In her budget speech the Finance Minister quoted Swami Vivekananda to state, “There is no chance for the welfare of the world unless the condition of women is improved. It is not possible for a bird to fly on one wing”. She boasts that her government has provided adequate opportunities for women to develop and provide livelihood opportunities.
However, this statement of the Finance Minister is hollow and full of half-truths if it is seen in the context of the current ground realities. As the post-election Periodic Labour Force Survey, 2019-20, confirmed, women’s employment has been at an all-time low and is driven by the agrarian distress within the country.
This was reflected in the overall growing job crisis as well as the inability of the government to respond to the drought situation within the country. It is significant that this budget comes at a time when more than 500 million people are battling drought and there is a severe water crisis in all urban and rural centres of the country. Seen in this context, it is obvious that the Union Budget should have increased public expenditure to boost the rejuvenation of the agrarian sector which has seen a massive displacement of women’s livelihood.
However, this is not to be, as the size of the budget remains at 13.2 percent of the GDP which has been calculated at the nominal growth of 12 percent. The allocations for women oriented schemes have decreased from 0.66 percent of the GDP in 2018-19 to 0.64 percent of the GDP in 2019-20.
The allocation for the Ministry of Women and Child Development has decreased from 5.1 percent to 4.9 percent of the total expenditure between 2018-19 (revised estimate) and 2019-20 (budget estimate). All the purported ‘good intentions’ of the government to benefit women are therefore not backed by its actions.
It is important to note that even within this budget, the expenditure on Centrally Sponsored Core schemes like Mahatma Gandhi National Rural Employment Guarantee Scheme or MGNREGS (whose allocation has come down by Rs 1,000 crore), schemes for social assistance and for the welfare of Scheduled Castes (SC), Scheduled Tribes (ST) and minorities has seen a slight decrease of 2.9 percent from the fiscal year 2018-19. This is reflective of the orientation and thrust of the government policy which is not geared towards arresting the trend of increasing inequalities.
The allocations for women-oriented schemes have decreased from 0.66 percent of the GDP in 2018-19 to 0.64 percent of the GDP in 2019-20
Further, the share of other core schemes in the expenditure has come down marginally from about 9 percent to 8.9 percent. The scheme for the pension to widows (which falls under the National Social Assistance Programme) has seen a decline in funding, as has the public funding to the Pradhan Mantri Awas Yojana.
Food subsidy has gone up by approximately 7.1 percent, but this may not be enough to even cover the cost of inflation which is likely to rise after post-budget impact on petrol and diesel prices. There is also an increase for the much touted Ujjwala Yojana, but its shortcomings are not addressed.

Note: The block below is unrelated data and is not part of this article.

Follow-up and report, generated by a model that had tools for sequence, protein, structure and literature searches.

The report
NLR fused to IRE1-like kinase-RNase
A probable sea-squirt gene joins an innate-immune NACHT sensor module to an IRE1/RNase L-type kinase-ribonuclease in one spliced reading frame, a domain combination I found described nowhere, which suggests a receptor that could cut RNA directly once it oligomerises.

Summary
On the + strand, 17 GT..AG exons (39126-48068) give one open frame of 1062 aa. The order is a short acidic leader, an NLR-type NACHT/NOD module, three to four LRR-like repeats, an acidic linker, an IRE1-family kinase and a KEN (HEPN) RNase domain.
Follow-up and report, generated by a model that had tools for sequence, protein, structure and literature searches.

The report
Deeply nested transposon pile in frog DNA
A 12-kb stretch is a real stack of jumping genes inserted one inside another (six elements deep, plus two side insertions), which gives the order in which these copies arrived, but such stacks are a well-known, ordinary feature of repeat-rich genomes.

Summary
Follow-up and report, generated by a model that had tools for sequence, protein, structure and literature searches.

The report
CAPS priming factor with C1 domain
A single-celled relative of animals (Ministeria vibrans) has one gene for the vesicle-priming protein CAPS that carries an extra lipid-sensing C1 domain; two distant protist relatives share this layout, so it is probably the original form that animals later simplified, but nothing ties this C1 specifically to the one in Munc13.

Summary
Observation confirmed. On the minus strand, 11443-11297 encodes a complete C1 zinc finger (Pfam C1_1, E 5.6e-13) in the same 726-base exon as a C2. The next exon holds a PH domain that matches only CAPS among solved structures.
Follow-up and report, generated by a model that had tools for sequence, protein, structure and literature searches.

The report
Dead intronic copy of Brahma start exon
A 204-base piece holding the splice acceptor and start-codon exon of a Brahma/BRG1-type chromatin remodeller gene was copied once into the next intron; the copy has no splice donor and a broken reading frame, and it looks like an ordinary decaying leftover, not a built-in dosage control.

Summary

One of the central features of this budget is the liberalisation of the financial markets, which will make women vulnerable to non-banking finance corporations. It is well known that such financial companies charge high interest rates from women and put them in a debt trap.
The budget projects women as a fertile market for such companies by stating that one woman in every Self Help Group (SHG) will be given Mudra loan of Rs 1 lakh (most of which are administered through small banks and Non-Banking Finance Companies or NBFCs).
But the budget does not say anything about giving interest free loans to SHGs. It also recapitalises public banks to service these NBFCs so that they can give credit to women. In this sense this budget marks a new stage in the integration of women into financial markets, making them more vulnerable to corporate sharks.
It is also significant that a budget that should have helped the rehabilitation of farmers’ families, who are experiencing distress, is actually providing micro-finance companies incentives to exploit women. The slight increases in the National Rural Livelihoods Mission need to be seen in the context an attempt to boost the demand for credit by women.
Though the government claims that the safety of women is its priority, the allocations for the Nirbhaya Fund have decreased and the allocations for the National Mission for Empowerment and Protection of Women have decreased by Rs 50 crore.
The expenditure on major initiatives impacting women like the Integrated Child Development Scheme (ICDS)and the Midday Meal Scheme have hardly seen any significant expansion or increases, and the rise in allocation is only likely to meet the increasing cost of implementation.
The maternity benefit scheme has seen an increase of Rs 100 crore, and most significant rise in health expenditure is on health insurance. The National Scheme for the Education of the Girl Child has in fact only seen a decrease in allocation.
The cutbacks in the first post-poll budget show the real character of the new government. It is significant that the government has slashed the rates of corporate taxes, but has not provided any relief to rural women or even middle class urban women. The projected increase in petrol and diesel prices is likely to further increase the misery of and burden on women.